It’s the first fictional feature to come from Panama, and though the theater is not near where I’m at and I wasn’t planning on going, Vero was really cool and the film sounds really interesting (she pitched it well), so I’m going to make a mad rush after another film and check it out.
Also, I’m very excited that the very, very last film the festival is screening is Tokyo!
First off, Oscars. Slumdog – woo! Though no surprise there. It is sad, though, that for a film that swept the Oscars it hasn’t even broken the $100 million mark, which means most people haven’t seen it.
I thought the actual Oscars program was well done. Hugh Jackman was great and it was nice that he played to his talents. My favorite moment had to be the little bit of Cloverfield that was snuck in. I forgot which award it was but instead of playing the movie’s theme (probably didn’t have one) they played Roar!, that awesome (and only composed song) during the end credits of Cloverfield. Yes, I know, I’m a film geek.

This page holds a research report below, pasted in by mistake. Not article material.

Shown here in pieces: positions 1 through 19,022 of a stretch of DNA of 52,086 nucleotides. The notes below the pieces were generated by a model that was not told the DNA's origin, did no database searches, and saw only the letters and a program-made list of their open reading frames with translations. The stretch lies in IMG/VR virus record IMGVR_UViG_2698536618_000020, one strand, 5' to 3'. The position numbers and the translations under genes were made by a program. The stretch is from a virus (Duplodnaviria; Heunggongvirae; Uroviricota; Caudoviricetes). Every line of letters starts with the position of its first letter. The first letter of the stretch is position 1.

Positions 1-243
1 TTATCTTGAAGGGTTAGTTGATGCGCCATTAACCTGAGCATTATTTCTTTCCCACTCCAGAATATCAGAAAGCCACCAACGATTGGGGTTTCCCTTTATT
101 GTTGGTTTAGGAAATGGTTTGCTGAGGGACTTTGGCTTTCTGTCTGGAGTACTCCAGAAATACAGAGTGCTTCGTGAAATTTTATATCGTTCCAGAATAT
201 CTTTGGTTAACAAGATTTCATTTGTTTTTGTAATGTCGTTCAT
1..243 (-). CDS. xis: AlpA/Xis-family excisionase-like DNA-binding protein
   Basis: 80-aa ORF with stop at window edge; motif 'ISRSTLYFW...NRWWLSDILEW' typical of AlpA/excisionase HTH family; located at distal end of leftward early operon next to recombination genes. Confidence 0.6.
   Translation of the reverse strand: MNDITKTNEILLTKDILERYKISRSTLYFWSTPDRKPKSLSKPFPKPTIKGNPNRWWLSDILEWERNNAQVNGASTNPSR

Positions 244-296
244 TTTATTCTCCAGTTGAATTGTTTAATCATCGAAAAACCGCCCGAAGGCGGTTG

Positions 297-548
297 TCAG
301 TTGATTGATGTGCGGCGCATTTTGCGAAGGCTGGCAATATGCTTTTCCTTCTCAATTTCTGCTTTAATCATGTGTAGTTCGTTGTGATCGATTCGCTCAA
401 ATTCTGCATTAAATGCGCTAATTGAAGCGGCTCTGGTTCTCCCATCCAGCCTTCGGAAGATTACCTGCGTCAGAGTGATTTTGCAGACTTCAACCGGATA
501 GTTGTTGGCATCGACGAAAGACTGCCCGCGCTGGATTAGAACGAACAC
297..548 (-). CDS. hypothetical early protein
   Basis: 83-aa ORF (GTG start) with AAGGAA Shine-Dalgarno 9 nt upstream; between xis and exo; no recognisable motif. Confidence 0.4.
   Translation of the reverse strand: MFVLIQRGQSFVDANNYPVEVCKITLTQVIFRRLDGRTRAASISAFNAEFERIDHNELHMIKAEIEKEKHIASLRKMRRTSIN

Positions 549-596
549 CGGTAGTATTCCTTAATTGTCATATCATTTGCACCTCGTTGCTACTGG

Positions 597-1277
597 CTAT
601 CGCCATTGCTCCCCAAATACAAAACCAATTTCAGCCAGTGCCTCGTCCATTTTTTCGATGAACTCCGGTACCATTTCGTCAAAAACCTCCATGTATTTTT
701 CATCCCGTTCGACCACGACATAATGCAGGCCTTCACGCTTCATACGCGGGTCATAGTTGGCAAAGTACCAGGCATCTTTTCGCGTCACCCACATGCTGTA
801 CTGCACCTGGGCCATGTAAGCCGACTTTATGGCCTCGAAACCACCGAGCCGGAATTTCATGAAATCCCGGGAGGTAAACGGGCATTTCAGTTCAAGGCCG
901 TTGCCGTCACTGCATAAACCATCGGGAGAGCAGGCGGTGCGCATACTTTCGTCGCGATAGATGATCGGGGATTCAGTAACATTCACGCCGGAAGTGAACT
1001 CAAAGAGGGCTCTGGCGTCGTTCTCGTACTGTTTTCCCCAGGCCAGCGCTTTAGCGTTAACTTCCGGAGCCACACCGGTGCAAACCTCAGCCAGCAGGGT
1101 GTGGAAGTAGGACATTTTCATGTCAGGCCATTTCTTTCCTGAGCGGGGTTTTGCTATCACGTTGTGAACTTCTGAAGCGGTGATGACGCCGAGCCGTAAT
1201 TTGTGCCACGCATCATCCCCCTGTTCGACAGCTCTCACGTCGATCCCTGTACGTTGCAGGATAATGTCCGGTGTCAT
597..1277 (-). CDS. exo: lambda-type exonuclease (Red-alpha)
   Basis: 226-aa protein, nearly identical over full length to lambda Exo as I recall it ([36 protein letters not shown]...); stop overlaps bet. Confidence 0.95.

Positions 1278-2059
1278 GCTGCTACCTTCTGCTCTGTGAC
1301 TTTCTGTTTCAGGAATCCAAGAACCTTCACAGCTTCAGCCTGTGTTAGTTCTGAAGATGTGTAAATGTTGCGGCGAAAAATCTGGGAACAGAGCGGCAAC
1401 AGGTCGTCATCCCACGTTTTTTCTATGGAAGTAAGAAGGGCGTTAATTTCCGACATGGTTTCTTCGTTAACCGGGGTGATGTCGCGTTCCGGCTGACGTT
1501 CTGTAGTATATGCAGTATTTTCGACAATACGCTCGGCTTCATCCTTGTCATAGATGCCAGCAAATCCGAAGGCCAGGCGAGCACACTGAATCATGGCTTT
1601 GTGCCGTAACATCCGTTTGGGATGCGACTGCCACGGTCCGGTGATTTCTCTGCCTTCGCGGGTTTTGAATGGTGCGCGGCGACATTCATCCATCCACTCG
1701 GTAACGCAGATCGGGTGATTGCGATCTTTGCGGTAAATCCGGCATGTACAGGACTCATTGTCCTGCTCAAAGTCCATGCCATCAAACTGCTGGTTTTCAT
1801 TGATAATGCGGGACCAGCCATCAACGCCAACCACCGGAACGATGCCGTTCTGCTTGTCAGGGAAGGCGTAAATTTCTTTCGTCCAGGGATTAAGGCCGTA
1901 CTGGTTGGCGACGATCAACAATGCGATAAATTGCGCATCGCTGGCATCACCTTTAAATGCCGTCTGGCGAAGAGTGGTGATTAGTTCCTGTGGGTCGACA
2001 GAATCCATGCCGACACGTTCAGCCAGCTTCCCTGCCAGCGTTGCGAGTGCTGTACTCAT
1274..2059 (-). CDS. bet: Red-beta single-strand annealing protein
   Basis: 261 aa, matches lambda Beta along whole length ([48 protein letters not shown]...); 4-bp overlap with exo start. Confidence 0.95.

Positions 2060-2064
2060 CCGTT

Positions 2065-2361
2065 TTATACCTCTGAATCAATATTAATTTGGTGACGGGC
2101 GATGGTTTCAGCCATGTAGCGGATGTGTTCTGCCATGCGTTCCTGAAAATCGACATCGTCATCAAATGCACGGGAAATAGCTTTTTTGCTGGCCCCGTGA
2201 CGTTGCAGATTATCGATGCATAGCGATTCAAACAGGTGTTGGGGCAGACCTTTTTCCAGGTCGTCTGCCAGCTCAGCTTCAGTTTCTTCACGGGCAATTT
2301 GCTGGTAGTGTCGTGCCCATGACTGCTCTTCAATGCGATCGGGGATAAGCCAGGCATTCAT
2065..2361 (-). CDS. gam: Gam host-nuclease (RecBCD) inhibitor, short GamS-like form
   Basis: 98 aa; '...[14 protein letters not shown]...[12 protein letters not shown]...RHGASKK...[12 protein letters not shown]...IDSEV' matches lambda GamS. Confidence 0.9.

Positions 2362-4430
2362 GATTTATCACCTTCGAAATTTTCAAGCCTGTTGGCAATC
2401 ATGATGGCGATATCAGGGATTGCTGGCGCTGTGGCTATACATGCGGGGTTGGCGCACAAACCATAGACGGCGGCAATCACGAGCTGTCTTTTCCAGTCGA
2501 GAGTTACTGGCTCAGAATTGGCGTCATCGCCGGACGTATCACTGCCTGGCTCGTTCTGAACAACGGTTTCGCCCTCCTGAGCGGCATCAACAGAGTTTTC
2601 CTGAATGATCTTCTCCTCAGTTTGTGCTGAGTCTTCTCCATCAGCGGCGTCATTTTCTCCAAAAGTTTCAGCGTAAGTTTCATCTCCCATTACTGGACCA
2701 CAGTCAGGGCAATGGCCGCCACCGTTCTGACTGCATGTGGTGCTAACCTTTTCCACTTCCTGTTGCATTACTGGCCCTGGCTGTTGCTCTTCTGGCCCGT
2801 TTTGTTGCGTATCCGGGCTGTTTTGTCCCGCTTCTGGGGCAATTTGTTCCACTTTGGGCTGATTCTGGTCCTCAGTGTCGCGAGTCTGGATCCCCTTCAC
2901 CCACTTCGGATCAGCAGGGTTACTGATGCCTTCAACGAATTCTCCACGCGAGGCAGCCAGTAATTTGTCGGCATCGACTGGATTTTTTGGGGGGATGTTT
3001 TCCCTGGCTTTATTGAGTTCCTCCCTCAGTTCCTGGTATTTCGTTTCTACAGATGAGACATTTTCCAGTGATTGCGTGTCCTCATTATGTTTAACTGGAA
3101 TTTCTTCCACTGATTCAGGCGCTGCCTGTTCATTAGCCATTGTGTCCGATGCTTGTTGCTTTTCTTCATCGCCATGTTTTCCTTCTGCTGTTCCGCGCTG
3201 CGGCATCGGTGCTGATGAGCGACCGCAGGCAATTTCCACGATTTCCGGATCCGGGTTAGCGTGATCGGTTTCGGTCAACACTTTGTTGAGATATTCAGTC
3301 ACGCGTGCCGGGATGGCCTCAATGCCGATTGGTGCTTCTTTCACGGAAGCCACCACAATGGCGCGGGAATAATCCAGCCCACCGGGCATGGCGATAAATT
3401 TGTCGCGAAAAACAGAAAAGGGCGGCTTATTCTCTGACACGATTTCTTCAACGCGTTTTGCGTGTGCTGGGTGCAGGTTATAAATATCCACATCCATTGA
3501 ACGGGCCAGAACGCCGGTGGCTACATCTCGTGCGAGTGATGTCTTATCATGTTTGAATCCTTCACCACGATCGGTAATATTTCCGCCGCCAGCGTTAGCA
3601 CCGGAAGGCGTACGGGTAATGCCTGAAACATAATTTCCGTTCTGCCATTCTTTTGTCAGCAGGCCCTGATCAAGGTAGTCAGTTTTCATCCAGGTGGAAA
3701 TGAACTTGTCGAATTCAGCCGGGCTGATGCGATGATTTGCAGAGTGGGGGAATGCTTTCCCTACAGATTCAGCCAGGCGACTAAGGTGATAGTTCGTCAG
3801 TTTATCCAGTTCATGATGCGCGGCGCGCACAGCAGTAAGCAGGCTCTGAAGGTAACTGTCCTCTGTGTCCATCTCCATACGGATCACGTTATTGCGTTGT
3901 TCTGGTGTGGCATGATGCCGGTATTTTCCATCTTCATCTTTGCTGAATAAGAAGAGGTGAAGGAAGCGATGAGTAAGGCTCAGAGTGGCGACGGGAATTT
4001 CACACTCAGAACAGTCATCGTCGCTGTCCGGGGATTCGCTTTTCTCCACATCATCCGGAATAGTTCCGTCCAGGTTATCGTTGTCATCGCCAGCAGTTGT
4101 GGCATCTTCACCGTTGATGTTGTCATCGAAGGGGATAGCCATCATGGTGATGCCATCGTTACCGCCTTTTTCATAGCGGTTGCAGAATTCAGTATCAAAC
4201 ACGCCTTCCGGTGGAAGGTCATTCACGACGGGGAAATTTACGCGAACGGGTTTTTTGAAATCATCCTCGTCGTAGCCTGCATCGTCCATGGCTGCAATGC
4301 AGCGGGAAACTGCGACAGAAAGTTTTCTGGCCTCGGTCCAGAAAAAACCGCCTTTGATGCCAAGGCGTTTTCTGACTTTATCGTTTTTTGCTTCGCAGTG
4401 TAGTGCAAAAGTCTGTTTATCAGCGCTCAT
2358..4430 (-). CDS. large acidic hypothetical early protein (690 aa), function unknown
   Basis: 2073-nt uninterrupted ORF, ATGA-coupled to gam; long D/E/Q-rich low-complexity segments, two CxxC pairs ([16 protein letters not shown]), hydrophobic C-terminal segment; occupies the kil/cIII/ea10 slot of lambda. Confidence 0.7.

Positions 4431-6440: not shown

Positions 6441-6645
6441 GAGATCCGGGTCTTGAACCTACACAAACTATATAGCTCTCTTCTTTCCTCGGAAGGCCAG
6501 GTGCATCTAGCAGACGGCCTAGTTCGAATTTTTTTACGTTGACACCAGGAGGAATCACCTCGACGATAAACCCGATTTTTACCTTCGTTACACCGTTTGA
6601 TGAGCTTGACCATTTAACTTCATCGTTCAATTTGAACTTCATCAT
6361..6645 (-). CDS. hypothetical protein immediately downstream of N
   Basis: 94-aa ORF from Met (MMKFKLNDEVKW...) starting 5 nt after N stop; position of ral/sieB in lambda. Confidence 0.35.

But back to what I originally intended to blog about.
So two weeks ago I did the Hollywood thing. I flew from Miami to LA in the morning, went to a screening, then hoped on a plane the next day and went right back.
Each year the Film School puts on a screening in LA of some of the best films that came out of the school the previous year. I happened to produce one of those films, so I thought it would be worth it to go.
That and it was a good excuse to see all my friends who are now out in LA. It was a lot of fun and great to see everyone, but at the same time it was a hard dose of reality. All of my friends are interning at production companies 8-10 hours a day. Even if I did stay longer we couldn’t really have done anything since they had to go to work.